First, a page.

Power companies in New England tapping residential batteries to reduce peak demand

REW_GMPTeslaTesla Powerwall in a home. Credit: Tesla

Brian Eckhouse, Bloomberg

Here’s the latest wrinkle in the battery boom: National Grid Plc is paying consumers to tap electricity from their power-storage systems.

The utility has about 40 customers in the program now in Massachusetts and Rhode Island, and said expanding it to include Tesla Inc.’s Powerwall users may boost participation before the typical summertime peak in power consumption. National Grid is targeting 280 customers across the two states by early next month.

The program may help the utility reduce capital costs by letting it access stored power from customers of Sunrun Inc. and other providers during periods of high demand. A single Tesla Powerwall battery in Rhode Island could earn as much as $1,000 a year, according to a spokesman for the automaker.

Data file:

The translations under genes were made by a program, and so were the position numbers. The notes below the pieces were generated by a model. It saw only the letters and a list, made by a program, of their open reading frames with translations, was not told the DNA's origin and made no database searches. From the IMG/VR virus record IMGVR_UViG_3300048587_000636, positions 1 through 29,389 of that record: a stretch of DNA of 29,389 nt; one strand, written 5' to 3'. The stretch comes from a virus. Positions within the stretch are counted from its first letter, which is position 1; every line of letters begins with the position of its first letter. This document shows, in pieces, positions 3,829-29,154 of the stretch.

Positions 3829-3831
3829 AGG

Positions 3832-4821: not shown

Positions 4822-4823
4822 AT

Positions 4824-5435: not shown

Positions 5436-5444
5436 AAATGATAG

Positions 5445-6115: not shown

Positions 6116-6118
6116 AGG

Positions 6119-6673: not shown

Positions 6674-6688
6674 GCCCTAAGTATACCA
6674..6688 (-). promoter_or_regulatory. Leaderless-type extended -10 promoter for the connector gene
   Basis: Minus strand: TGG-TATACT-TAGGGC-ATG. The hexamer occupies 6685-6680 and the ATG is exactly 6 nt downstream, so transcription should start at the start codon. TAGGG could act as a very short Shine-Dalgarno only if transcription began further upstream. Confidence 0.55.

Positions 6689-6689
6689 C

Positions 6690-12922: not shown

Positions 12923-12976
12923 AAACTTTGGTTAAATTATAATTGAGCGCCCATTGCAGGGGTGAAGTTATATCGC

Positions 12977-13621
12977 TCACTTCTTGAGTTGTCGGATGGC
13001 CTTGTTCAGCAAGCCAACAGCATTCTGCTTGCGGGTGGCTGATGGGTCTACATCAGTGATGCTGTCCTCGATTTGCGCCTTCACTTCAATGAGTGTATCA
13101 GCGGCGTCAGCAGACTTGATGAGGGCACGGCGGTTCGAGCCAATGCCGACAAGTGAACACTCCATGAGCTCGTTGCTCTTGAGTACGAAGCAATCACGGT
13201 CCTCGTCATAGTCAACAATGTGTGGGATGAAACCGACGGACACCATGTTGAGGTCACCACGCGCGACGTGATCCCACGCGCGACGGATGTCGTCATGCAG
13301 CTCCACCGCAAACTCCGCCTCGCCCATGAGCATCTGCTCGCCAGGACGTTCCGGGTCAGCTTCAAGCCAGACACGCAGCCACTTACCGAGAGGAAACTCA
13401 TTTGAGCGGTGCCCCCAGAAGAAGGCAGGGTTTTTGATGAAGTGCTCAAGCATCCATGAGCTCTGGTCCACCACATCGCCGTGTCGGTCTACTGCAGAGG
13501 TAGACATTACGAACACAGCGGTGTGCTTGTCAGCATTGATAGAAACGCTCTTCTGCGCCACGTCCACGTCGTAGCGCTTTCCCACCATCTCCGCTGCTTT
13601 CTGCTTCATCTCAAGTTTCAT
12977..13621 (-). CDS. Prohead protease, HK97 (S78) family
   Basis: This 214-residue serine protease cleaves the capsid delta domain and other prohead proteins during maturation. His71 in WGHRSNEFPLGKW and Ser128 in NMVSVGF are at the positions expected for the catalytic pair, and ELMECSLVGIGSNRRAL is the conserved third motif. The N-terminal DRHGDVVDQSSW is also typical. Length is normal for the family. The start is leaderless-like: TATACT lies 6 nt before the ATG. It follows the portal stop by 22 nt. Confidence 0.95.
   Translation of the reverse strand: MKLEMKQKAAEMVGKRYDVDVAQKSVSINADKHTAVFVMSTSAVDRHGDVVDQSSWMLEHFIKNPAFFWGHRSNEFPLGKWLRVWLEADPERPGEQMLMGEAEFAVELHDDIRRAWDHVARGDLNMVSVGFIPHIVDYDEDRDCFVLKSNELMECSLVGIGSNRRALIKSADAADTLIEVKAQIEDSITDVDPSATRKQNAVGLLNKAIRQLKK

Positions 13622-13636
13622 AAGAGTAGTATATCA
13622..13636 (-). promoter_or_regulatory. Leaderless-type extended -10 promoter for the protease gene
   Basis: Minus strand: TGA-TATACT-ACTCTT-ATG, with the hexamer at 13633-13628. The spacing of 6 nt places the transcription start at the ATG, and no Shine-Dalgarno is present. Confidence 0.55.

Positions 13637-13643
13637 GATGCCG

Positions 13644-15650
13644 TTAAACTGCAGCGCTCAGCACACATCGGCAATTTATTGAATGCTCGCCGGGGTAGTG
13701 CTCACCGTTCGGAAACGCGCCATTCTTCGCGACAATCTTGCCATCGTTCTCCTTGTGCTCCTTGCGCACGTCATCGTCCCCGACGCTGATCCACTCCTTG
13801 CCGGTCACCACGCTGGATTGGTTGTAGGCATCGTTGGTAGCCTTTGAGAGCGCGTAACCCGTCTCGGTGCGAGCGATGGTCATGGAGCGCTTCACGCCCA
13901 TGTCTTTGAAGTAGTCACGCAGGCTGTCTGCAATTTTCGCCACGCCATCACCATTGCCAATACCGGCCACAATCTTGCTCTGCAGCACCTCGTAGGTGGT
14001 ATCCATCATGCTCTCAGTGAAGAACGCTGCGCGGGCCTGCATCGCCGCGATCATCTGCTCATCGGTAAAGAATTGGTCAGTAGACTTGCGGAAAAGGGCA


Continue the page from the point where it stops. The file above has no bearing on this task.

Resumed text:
“By using this technology at peak periods, we reduce our electric loads when power is most expensive,” said John Isberg, a vice president at National Grid. “This should provide environmental benefits and reduce infrastructure-investment costs.”

Utilities in the Northeast have been among the early movers in incorporating solar and battery-storage systems into power grids. New England’s grid operator in February approved the addition of 145 megawatts of solar capacity, including some from Sunrun paired with batteries. And in Vermont, utility Green Mountain Power introduced a program this year to let 250 customers get two Tesla Powerwall batteries for $30 a month.

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National Grid’s program comes as costs for batteries have plunged, making storage systems a popular complement to rooftop solar. Outages triggered by extreme weather and wildfires across the country have also boosted demand for batteries.

“We’re just getting to the point where they can provide these services cost effectively,” said Paul Wassink, a senior engineer at National Grid.

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